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Actually, this piece is absurd:

Roman Bath-style heating could turbocharge levelling up
Deep geothermal technology to keep homes warm might create 35,000 plant maintenance jobs by 2050

Creating jobs is a cost, not a benefit. And there’s nothing new about this at all – geothermal energy is used in many places right now. Finally:

The technique artificially replicates the effect of naturally occurring hot springs, such as those used in Roman Baths, by drilling into aquifers to access heat deep underground.

Err, that’s the Roman Baths at Bath – all the other Roman Baths used wood fires, slaves and a hypocaust.

By
Emma Gatten,
ENVIRONMENT EDITOR

Seriously Emma, really….

13 thoughts on “Oh aye?”

  1. No engineering or physics there, nor in the govt it seems from the article.

    A neighbour of mine from years ago ran a company making big fuck-off valves & stuff and he won a contract to supply a geothermal power station in NZ. He said after a few months in operation the borehole pipes and the valves were pretty much clagged up with mineral deposits.

    It’s not ‘free energy’ by any means. I expect most of those 35000 jobs will be clearing mineral shit from the pipework every week or so.

  2. Funny thing is, to provide adequate heat extraction, the borehole must be hydraulically fractured.
    But don’t tell the ecofreaks.

    Oh, and the seismic restrictions on fracking-fpr-gethermal are much less restrictive than fracking-for-gas, so may I suggest the gas companies drill some ‘geothermal’ bores and frack them – and accidentally find gas?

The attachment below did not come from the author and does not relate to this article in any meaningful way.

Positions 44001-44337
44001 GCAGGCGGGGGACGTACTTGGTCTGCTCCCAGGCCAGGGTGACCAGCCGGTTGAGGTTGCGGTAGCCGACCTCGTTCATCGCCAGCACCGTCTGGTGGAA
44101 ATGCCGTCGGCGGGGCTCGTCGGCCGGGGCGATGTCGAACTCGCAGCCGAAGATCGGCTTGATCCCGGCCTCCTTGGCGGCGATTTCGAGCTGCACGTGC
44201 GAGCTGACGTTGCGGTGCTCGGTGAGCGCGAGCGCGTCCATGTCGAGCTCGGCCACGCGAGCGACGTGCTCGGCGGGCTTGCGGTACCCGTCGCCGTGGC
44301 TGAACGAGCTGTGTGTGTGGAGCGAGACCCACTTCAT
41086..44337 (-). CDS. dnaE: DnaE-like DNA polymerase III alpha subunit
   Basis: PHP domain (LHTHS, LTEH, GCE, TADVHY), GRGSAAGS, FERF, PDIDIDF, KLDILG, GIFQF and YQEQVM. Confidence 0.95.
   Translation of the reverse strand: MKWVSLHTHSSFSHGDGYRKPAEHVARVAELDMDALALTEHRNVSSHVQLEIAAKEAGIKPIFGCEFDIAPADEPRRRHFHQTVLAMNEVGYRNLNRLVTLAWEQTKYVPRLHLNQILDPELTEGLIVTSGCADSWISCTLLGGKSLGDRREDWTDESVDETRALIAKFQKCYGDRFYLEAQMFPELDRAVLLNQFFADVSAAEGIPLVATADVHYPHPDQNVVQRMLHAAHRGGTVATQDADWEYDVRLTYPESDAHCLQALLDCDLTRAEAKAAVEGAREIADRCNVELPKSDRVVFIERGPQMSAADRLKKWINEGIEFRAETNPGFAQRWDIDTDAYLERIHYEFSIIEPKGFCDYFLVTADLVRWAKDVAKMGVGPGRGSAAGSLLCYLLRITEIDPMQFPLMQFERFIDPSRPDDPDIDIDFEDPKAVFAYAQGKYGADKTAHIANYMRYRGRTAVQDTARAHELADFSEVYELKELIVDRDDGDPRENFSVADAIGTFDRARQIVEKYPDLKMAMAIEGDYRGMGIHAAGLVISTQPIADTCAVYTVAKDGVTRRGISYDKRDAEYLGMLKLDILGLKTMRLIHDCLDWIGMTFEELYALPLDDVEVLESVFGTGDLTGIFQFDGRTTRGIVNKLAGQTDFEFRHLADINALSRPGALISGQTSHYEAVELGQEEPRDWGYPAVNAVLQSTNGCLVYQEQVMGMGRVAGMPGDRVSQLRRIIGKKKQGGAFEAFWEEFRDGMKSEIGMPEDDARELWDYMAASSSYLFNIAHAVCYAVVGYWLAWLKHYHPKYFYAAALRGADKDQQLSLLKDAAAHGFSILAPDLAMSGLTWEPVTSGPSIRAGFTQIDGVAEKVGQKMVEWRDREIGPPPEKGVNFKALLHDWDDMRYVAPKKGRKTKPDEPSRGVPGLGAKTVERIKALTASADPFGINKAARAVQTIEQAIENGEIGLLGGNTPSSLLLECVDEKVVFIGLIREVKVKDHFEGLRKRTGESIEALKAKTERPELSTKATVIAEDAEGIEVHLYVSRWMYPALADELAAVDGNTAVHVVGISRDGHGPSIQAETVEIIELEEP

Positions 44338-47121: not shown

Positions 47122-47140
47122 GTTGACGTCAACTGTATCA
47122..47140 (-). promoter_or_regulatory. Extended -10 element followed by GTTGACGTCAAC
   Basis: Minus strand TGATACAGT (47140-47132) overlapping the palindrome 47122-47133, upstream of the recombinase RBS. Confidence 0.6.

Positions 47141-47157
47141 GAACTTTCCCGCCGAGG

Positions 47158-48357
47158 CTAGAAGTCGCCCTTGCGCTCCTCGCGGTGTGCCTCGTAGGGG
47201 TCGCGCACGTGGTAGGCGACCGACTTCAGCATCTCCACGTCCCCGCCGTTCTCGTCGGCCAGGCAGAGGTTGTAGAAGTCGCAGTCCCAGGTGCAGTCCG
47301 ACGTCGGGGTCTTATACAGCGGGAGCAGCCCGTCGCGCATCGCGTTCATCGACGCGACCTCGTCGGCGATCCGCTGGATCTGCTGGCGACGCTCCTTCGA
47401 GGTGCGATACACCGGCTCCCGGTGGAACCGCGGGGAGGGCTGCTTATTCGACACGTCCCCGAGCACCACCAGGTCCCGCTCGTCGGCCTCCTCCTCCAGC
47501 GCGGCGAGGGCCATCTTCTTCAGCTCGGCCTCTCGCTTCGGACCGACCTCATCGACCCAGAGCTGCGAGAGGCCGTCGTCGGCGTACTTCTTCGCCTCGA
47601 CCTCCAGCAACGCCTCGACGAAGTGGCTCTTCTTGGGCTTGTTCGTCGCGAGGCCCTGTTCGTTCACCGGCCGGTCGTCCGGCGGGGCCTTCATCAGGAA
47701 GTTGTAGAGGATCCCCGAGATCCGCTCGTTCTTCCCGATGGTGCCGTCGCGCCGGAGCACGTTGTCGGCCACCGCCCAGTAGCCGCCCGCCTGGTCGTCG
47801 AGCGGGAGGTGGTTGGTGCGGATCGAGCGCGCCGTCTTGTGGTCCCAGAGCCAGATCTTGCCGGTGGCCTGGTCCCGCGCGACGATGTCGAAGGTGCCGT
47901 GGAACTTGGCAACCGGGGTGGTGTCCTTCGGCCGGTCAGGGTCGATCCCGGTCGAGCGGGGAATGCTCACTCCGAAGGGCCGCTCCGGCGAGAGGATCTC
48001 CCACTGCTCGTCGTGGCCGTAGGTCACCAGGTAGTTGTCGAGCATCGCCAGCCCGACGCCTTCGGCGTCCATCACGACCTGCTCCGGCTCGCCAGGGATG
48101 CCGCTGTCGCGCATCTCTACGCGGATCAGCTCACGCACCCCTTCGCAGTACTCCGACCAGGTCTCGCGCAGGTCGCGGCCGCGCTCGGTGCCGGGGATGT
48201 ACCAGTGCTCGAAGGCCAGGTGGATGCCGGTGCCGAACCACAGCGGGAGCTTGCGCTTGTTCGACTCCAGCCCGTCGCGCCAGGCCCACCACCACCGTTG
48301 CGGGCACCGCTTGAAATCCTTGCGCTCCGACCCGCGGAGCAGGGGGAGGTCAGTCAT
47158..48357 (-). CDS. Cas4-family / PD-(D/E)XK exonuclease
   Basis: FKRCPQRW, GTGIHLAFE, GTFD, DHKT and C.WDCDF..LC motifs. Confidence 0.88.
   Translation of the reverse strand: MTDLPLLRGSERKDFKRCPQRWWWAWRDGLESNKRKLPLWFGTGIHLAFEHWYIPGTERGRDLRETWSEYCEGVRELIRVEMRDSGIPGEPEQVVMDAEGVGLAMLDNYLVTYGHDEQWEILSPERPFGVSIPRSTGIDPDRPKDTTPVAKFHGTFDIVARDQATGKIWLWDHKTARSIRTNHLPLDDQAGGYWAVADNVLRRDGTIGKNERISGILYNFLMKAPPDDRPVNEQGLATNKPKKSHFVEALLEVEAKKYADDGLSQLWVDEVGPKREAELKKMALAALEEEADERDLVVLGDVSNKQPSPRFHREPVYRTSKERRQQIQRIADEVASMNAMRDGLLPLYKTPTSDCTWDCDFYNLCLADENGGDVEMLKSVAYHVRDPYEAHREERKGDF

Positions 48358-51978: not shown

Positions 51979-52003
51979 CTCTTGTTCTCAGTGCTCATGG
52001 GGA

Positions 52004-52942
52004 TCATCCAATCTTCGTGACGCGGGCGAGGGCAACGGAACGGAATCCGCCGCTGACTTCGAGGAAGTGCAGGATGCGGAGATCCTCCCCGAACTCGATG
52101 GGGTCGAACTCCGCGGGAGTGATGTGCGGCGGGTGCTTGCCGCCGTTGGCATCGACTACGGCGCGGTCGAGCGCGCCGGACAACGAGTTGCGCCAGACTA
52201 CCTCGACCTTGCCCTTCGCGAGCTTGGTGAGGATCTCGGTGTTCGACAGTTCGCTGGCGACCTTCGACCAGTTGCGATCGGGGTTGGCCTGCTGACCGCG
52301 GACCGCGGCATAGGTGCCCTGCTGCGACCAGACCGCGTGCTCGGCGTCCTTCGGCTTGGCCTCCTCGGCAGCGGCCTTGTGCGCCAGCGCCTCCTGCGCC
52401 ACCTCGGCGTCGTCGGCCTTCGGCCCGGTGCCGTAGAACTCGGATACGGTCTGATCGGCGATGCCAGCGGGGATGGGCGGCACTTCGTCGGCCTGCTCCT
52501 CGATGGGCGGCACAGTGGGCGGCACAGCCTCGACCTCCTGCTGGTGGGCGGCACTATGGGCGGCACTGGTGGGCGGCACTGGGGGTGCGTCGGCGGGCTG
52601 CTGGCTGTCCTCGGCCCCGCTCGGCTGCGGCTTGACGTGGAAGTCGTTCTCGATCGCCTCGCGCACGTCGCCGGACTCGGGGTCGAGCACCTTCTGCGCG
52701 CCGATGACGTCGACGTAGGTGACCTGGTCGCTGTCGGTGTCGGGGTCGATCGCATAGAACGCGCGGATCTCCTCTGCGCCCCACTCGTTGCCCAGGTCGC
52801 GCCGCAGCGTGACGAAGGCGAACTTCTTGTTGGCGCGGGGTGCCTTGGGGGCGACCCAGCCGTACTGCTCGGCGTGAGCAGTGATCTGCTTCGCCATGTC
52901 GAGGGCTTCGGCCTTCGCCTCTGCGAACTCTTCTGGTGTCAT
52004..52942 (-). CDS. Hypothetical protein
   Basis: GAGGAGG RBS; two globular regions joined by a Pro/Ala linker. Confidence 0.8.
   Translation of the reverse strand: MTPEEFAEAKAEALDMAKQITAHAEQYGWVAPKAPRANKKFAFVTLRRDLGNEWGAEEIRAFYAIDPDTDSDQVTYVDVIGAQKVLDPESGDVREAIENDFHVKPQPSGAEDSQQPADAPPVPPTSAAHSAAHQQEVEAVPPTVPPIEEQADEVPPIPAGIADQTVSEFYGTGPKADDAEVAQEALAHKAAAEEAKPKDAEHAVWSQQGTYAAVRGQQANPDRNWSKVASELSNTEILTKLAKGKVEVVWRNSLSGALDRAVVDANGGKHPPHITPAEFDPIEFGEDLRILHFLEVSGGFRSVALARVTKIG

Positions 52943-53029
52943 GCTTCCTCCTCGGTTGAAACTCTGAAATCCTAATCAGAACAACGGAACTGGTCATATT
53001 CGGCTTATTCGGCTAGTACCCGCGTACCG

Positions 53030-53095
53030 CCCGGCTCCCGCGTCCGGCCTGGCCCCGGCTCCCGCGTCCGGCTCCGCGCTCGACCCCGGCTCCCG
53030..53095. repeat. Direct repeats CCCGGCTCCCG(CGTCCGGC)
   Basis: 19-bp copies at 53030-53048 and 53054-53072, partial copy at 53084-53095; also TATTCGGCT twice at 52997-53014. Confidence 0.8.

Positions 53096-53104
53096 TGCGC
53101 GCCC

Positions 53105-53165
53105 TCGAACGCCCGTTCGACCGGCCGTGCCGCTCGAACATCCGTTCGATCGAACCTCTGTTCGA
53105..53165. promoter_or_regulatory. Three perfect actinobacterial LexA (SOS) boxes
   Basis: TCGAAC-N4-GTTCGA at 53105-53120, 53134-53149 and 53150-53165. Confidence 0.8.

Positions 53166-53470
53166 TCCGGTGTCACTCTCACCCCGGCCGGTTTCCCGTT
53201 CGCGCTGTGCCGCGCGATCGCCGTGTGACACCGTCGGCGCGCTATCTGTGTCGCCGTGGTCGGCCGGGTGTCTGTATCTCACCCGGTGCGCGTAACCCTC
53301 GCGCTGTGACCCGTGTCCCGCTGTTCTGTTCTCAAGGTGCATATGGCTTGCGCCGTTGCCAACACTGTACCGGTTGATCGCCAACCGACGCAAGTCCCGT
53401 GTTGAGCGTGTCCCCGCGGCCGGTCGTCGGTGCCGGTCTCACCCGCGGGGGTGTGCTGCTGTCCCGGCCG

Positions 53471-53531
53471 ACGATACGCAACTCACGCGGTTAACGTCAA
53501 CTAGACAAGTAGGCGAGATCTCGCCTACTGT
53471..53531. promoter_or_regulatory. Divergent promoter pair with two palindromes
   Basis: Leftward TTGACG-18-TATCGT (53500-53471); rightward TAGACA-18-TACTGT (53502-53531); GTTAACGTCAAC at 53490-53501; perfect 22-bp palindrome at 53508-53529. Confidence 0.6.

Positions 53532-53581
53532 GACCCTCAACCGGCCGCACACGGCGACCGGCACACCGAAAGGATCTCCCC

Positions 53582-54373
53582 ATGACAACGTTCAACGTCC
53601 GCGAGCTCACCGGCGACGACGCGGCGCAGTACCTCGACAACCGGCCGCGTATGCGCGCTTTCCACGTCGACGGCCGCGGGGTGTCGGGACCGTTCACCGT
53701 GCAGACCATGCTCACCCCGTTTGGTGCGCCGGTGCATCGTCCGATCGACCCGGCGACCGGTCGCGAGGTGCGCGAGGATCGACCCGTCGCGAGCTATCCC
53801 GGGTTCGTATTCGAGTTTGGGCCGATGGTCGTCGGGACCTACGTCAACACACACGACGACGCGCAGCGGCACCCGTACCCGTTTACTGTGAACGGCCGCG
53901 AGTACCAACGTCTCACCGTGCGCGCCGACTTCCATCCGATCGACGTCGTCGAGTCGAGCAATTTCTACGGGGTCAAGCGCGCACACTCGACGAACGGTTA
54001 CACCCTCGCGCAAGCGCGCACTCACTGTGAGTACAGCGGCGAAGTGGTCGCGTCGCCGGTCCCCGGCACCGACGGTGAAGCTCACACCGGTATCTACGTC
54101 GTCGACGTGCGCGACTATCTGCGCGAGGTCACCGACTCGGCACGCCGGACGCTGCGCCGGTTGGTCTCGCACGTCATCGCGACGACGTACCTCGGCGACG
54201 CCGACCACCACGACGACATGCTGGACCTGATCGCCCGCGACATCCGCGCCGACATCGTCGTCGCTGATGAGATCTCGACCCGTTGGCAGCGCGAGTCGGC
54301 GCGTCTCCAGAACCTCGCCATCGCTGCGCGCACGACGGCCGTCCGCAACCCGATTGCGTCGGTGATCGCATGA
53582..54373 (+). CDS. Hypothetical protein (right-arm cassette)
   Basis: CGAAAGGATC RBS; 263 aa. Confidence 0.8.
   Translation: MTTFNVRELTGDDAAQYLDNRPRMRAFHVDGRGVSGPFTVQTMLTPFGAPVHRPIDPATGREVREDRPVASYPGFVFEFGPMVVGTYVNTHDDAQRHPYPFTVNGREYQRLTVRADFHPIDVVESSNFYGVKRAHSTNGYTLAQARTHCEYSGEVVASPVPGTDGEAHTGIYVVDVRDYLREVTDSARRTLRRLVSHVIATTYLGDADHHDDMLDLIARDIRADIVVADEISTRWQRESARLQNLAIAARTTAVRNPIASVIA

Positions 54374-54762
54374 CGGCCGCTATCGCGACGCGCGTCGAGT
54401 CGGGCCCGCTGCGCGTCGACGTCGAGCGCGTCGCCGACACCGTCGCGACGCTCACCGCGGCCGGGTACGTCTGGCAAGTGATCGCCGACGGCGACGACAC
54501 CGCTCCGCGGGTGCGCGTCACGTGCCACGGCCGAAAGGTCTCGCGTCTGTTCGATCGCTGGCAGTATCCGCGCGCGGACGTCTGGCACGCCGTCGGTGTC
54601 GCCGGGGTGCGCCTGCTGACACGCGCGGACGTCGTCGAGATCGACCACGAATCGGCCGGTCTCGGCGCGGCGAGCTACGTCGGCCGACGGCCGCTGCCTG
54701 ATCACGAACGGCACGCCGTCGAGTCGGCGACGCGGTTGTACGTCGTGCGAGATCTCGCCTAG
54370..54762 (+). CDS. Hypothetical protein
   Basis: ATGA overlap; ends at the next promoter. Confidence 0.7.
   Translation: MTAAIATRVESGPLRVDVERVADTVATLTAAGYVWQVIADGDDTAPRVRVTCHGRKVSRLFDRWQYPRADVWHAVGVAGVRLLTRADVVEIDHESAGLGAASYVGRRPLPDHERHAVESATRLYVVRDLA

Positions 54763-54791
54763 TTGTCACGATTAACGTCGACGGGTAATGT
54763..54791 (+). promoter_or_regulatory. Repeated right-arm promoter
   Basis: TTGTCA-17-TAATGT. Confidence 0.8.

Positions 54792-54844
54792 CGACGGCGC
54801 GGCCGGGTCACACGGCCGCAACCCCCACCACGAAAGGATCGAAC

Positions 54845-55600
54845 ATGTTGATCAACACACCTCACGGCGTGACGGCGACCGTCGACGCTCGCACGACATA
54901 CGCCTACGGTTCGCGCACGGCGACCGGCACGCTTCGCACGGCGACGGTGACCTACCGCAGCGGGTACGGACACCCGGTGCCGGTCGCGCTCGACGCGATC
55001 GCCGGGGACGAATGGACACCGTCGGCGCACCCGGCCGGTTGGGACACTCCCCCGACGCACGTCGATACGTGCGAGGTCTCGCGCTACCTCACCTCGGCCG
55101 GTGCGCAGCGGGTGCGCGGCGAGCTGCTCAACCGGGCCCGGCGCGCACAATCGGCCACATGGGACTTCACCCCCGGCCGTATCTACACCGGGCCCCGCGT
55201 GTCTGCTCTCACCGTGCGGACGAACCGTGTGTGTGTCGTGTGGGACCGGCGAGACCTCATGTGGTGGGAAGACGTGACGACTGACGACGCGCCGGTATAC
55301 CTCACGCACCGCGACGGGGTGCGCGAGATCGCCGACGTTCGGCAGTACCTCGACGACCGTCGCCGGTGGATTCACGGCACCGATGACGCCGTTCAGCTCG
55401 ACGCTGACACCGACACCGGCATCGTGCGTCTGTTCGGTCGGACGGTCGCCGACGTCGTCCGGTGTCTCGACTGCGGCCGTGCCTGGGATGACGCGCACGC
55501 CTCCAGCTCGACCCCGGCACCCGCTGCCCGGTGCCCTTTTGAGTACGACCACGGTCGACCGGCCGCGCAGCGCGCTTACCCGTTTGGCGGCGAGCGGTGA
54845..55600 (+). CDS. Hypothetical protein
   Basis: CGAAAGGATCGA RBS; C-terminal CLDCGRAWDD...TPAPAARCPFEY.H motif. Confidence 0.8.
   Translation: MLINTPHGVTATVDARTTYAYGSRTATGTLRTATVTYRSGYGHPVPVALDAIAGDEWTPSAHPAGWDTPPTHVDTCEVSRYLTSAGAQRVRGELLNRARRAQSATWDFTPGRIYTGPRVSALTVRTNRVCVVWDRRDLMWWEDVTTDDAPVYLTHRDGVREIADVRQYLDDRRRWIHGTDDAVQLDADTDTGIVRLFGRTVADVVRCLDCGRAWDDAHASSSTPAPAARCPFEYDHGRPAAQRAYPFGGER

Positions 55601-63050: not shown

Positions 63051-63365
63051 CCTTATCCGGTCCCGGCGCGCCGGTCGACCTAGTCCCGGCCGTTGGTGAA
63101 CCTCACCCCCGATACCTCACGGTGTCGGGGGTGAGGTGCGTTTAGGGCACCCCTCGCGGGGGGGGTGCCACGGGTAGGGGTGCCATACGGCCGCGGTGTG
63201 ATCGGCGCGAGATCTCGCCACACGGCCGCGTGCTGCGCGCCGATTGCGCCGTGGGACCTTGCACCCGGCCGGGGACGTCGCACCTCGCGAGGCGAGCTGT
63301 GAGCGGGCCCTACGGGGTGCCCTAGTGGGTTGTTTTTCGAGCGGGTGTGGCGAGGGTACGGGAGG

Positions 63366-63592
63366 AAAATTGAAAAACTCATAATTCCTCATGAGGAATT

3. “all the other Roman Baths used wood fires”: are you sure? Yer Ancient Britons were using coal when the Romans pitched up and continued to use coal during the occupation.

  4. @Tim the Coder

    Conventionally that was the way. If this firm’s solution works it could be very different https://www.quaise.energy/
    By drilling through the deep rock with microwaves instead of a conventional drill bit they go very very deep and create a vitrified rock lined bore hole. At the depth they intend to go to the rock is at 600C so they don’t hydraulicly fracture the rock or tap into aquifers. They just need to pump their working fluid (water of perhaps some gas) down the finished hole then the thermal transfer into that very long pipe from the surrounding hot rock does the rest.

    It’s “probably” not going to work, but if it does it means you could put a “green” geothermal plan almost anywhere.

  5. Bit weak on physics no, AndyF? A round bore-hole gives minimum surface area to transfer heat across. Try & extract heat in significant quantities from that & you’d soon have the rock surrounding your borehole at the same temperature as the working fluid. Most rock isn’t particularly thermally conductive. See fireplaces.

  6. By drilling through the deep rock with microwaves instead of a conventional drill bit

    Just Stop Microwaving vandalising show gardens in 3… 2… 1…

  7. Plenty of geothermal heat in Iceland. Indeed I remember reading that those unfortunate enough not to be close enough to a geothermal heat source can claim a subsidy on the cost of their oil heating.

    So even there it doesn’t work everywhere.

  8. @Tractor Gent
    That is definitely the problem when bringing up hot corrosive fluids. Although the local geothermal plant scale has enough gold in it to make reprocessing worthwhile. Unfortunately the water has enough radium in it that it was sold as a health drink 100 years ago.

  9. The NZ geothermal stations heat exchange the water coming up, then pump it straight back down.

    That removes the need for dealing with major processing issues and stops the bore becoming depleted.

  10. Telegraph Funding:

    Environment and Health is heavily funded by Gates, articles should be labelled as Advertorials

    Sarah Knapton is most bought

    She was on Speccie/Tele podcast few weeks ago and what she said contradicted all she writes

    Telegraph is fully signed up to current narrative, any perceived opposition is theatre. Fraser Nelson is their top ambiguous journo

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